Question: What do these statements have in common?
“There had never been an attack on 9/11 either, like that occurred either, before on our shore,” [Rep. David Gowan, R-Sierra Vista] said. “But it did.”
“The quality of handwriting and the quality of the written text can be detected and seen on MRI imaging,” said Rep. Brenda Barton, R-Payson.
“What is indisputable is that many people believe it’s happening,” [Rep. J.D. Mesnard, R-Chandler] said. “You can’t really argue with that. And I think that matters.”
• All of them came from Arizona Republican legislators this year.
• All of them were made to justify a bill or a ruling.
• All of them follow the Republican rule, "When you don't have a good, defensible reason for something you want to do, make shit up."
The most recent statement, at the top, is House Speaker Gowan's attempt to explain his jaw-dropping, third-world-dictator-style ruling that all reporters must submit to extensive background checks if they want to be on the floor of the House of Representatives — you know, the place where they do their jobs by talking with representatives about pending issues. Arizona has a 34 year history of reporters with floor privileges without an incident, but Gowan says it's not safe to have reporters rubbing elbows with legislators unless their backgrounds have been thoroughly checked, because, 9/11. This at the same time he's been outed for letting legislators carry guns onto the House floor.
The reason for the ruling is obvious to every reporter who has written about it. Gowan is pissed at Hank Stephenson of the Capitol Times
who dug through the records of Gowan's travel expenses and found the Speaker was charging the state for travel that wasn't part of his duties. Gowan had to refund $12,000 and is having his expenses investigated. Ouch! Now, it happens Stephenson has a trespassing conviction on his record, which means he would be barred from the floor under the new rules. But he can't admit it's revenge on Stephenson and a warning to the rest of the reporters, "Watch out what you write, we know where you make your living." So he said "9/11," which explains
A few weeks ago, Republicans wanted to make teaching cursive mandatory
in Arizona's public school. The real reason was something like, "If I had to walk ten miles to school each way while writing cursive in the snow with a stick, by God, today's children can learn to write cursive too!" But since that sounds stupid, instead, Rep. Barton said something about cursive stimulating the brain and MRI imaging, even though the ASU prof whose study she was referring to said she got it totally wrong.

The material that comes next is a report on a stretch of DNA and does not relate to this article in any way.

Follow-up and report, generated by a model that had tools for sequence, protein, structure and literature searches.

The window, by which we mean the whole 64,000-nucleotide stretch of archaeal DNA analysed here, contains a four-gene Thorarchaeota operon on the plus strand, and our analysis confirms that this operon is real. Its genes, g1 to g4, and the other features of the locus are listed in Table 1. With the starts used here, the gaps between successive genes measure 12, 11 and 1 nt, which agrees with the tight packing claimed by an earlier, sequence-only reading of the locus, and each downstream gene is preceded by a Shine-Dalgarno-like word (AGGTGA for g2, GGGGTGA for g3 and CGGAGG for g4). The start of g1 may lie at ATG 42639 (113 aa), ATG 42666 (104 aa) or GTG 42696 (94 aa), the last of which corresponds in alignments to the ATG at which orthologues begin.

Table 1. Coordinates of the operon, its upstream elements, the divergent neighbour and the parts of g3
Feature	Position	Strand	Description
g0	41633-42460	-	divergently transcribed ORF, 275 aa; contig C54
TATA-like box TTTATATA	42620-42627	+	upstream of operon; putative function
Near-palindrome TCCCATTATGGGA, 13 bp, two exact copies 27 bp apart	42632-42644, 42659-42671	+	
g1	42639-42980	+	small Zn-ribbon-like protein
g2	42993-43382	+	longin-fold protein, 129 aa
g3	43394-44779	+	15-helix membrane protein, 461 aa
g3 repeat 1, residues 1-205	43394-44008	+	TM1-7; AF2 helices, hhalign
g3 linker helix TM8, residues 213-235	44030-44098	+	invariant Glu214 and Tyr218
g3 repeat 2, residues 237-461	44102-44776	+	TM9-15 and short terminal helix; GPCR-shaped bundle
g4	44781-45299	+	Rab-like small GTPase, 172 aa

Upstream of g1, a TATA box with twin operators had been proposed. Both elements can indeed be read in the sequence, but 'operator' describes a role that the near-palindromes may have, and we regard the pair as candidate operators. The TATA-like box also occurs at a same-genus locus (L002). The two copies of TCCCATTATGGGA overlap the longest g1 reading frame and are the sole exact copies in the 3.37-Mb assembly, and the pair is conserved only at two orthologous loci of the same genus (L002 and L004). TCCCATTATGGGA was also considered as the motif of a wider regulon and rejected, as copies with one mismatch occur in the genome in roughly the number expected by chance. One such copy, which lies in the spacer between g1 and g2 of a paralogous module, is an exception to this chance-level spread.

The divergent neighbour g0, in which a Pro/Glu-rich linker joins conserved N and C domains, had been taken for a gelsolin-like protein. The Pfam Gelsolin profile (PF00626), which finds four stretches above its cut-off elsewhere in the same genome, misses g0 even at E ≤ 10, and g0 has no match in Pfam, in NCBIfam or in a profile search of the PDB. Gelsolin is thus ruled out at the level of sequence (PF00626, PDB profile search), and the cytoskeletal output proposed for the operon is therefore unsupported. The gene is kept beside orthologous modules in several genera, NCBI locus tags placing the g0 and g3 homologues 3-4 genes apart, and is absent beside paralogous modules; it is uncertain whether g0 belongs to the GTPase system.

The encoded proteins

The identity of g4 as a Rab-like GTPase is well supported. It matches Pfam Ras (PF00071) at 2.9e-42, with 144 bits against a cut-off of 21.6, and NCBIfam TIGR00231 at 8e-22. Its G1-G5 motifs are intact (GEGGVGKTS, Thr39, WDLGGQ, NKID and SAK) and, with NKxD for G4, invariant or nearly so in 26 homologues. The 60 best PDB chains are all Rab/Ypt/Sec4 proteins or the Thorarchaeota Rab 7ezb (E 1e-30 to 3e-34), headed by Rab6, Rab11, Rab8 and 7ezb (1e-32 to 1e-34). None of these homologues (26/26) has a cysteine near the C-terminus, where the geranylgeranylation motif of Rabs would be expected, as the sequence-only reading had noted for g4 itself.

And back in January, Rep. J.D. Mesnard wanted to defend a bill
making it a felony to collect mail-in ballots and turn them in. He couldn't say the real reason, which was, "Those damn Democrats have more feet on the ground to do this kind of work than we do, and all we have is tons of dark money, a majority in the legislature and a Republican governor, so we have to make sure Democrats don't take unfair advantage of us by making it easier for Democrats to vote." He would have loved to justify the bill by saying we've caught people committing voter fraud, but we haven't. So he said, even though voter fraud may not be happening, people think it's happening, and that matters because Republicans have worked so hard to convince people that voter fraud exists, that should count for something. (Republicans also talked about the scenario where evil ballot gatherers were steaming the ballots open in a microwave, then throwing away the Republican ballots, resealing the Democratic ballots and turning them in. I'm not sure what bar they were in when they cooked that one up, but the microwave steaming method doesn't work. Check out this video
from the Arizona Capitol Times